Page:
Department of Transportation Proposes Rule Requiring Cars to Talk to Each Other and to Infrastructure
The wireless technology may drastically reduce traffic-related deaths
A new rule proposed by the Department of Transportation (DOT) would require all new cars and light trucks to be capable of communicating wirelessly to each other as well as to traffic lights and other roadway infrastructure.
Officials believe, says WRAL, that such technology may drastically reduce the number of traffic deaths and potentially transform driving.
Vehicle-to-vehicle communications (V2V) enable vehicles to send out their location, speed, direction, and other data ten times per second. This would allow cars, for instance, to detect when another vehicle is about to run a red light, is braking particularly hard, is changing to another lane, or is coming around a blind turn in time for either the driver or an automated safety system to prevent an accident.
Officials said that V2V technology could possibly either prevent or mitigate the severity of up to 80 percent of collisions in which neither alcohol nor drugs played a role.
"V2V will provide 360-degree situational awareness on the road," said Transportation Secretary Anthony Foxx. "We are carrying the ball as far as we can to realize the potential of transportation technology to save lives."
The government and auto manufacturers have been collaborating on developing technology for more than 10 years. Under the rule proposed by the DOT, V2V systems would have to "speak the same language" via standardized messaging developed by the industry and the government.
The Federal Highway Administration intends to issue guidance separately in order to assist transportation planners in integrating two-way wireless technology into roadway infrastructures like traffic lights, stop signs, and work zones. Vehicles could tell infrastructure about road conditions, and the same information could then be provided to other vehicles as they come along. Traffic lights would know when it would be best to remain green so that drivers could avoid unnecessary waiting and congestion could be reduced.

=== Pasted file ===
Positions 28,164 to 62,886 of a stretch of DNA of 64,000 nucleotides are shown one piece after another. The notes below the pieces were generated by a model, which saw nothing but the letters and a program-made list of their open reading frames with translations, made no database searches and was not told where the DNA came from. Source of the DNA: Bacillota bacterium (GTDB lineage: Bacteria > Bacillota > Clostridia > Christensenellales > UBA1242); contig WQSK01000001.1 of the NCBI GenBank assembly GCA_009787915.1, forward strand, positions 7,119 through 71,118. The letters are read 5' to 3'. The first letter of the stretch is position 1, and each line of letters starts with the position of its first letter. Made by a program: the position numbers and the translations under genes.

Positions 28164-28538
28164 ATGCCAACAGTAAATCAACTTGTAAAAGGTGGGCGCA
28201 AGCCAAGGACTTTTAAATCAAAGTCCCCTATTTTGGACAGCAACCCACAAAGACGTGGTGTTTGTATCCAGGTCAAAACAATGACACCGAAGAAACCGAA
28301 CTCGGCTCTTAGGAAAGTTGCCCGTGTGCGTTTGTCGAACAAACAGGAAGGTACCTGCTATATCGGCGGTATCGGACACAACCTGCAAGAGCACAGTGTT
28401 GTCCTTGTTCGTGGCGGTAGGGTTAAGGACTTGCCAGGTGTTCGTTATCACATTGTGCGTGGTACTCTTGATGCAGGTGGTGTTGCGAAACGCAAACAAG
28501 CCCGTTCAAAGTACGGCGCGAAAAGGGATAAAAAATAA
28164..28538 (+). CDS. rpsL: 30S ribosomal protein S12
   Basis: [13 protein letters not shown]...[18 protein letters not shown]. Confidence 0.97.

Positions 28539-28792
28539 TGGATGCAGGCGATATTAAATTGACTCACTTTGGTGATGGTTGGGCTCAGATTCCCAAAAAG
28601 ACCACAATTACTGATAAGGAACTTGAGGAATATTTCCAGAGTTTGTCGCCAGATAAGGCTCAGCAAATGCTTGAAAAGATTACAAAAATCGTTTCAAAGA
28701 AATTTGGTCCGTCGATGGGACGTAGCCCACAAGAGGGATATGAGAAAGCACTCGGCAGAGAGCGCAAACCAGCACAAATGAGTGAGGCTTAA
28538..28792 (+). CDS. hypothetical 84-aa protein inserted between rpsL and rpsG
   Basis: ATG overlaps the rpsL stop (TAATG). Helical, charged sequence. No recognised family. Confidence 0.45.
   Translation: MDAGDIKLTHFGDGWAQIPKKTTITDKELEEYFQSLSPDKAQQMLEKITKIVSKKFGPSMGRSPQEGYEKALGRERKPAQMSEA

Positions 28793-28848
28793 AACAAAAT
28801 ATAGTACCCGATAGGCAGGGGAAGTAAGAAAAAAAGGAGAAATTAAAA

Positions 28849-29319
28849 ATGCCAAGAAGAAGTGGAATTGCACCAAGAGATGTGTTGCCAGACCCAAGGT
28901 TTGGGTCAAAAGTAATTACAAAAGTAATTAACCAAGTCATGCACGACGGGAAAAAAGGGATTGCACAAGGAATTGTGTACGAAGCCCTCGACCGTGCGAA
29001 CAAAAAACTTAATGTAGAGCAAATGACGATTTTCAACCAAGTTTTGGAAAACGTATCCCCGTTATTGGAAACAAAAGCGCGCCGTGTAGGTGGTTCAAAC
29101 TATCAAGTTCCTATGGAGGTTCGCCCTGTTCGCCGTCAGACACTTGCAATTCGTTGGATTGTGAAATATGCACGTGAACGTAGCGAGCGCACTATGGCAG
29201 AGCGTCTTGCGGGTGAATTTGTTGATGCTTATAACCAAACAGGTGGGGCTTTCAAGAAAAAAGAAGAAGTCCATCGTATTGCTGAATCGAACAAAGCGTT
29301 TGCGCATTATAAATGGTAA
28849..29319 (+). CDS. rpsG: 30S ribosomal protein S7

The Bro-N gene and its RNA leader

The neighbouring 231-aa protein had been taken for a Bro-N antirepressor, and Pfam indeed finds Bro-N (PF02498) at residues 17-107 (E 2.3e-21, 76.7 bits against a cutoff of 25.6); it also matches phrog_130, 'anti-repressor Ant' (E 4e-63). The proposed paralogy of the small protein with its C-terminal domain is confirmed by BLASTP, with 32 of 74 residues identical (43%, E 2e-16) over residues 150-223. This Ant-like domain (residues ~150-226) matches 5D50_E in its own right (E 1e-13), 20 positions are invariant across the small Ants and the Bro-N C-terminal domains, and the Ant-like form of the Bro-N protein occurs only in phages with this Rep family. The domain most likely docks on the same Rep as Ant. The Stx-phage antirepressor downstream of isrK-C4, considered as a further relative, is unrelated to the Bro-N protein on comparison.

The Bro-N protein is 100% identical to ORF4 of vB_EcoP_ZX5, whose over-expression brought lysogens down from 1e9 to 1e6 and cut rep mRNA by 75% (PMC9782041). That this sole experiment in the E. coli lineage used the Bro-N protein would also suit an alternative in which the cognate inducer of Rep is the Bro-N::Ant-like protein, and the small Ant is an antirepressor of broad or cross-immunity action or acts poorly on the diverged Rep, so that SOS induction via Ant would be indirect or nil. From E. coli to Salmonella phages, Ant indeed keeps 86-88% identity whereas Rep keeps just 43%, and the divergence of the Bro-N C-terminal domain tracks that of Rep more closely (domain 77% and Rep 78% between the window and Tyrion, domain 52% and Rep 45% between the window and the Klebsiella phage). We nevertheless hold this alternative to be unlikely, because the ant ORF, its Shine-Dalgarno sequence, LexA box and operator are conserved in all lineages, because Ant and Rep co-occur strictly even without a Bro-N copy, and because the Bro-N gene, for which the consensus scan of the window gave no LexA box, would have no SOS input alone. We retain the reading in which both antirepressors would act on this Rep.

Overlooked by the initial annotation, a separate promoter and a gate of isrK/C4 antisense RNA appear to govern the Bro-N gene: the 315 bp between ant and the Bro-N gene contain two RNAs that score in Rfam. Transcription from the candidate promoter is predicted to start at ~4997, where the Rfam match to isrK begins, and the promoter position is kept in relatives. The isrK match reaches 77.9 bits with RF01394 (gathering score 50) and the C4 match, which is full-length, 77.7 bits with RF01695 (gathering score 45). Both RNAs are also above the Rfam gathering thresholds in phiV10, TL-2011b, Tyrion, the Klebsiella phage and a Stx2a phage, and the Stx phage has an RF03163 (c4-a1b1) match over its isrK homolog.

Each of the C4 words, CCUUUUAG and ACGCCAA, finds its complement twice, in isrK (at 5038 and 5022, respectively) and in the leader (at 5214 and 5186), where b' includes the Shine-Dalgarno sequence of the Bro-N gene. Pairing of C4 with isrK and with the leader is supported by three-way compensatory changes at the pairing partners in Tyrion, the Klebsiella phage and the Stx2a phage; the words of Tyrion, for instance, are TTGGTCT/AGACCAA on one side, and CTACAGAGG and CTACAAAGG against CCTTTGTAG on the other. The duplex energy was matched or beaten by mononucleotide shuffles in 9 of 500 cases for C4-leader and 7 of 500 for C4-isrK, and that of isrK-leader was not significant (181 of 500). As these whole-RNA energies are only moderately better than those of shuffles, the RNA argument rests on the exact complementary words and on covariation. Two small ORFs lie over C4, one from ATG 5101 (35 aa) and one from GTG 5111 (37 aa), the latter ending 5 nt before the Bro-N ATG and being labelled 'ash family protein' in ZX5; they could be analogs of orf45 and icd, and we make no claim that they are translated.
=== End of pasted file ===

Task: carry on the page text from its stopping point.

The proposal has a comment period of 90 days, and officials expect it to be roughly one year before a final rule is issued.
The proposal wants 50 percent of new vehicles to include the technology within a period of two years after the issue of a final rule and 100 percent within four years. However, because V2V technology can prevent a collision only among vehicles that include it, it would still take years—possibly even decades—for the technology's full potential to be realized.
It takes decades for an entire fleet to turn over. However, the process of spreading the technology throughout the fleet might go more quickly if devices are created enabling drivers to add V2V to older vehicles, as is expected to occur.
Some carmakers are not waiting for the final rule to integrate V2V into their vehicles. General Motors has mentioned its plans to include it in some 2017 Cadillacs, and the 2017 Mercedes E-Class sedans also come equipped with it.
V2V can reach roughly 1,000 yards in all directions as of this time, even when buildings and other obstacles are in the way. This provides the advantage of possibly detecting a potential collision before the driver can see the threat—unlike the sensors and cameras installed in self-driving vehicles that sense only their immediate surroundings.
Officials from both industry and government view the technologies as complementary despite their limitations. It may well turn out that self-driving vehicles with V2V installed may be the best solution to traffic congestion because of their capability of synchronizing their movements so as to merge smoothly and travel safety in caravans that are long and closely packed at high speeds. This would improve the flow of traffic and increase highway capacity.
The DOT's proposal also addresses the issue of cybersecurity, requiring V2V to use a security level of at least 128-bit encryption and to comply with National Institute of Standards and Technology benchmarks.
In order to protect driver privacy, V2V messages are anonymous, containing no information about the driver, the owner of the vehicle, the vehicle make or model, the vehicle identification number, or the license plate. The messages are also short and not stored, so it is impossible to use them to figure out where a vehicle has been or to try to find one specific vehicle out of many on the road, according to engineer Debra Bezzina, who works at the University of Michigan's Transportation Research Institute.
One obstacle in the path of V2V is preserving its exclusive right to use the 5.9 Ghz radio spectrum specifically set aside by Congress years ago for this technology. Since that time, the rapid increase in the number of wireless devices available as well as the escalating demand for faster and faster Wi-Fi has resulted in pressure from technology companies wanting permission to use that particular spectrum.
The Federal Communications Commission (FCC) is currently in Phase One of a three-phase testing program trying to determine whether or not sharing the spectrum with Wi-Fi would interfere with V2V signals.
According to the Alliance of Automobile Manufacturers, sharing the spectrum should be allowed "only if it can be proven that no harmful interference occurs. Any interference could result in a crash, or even worse, an injury or fatality."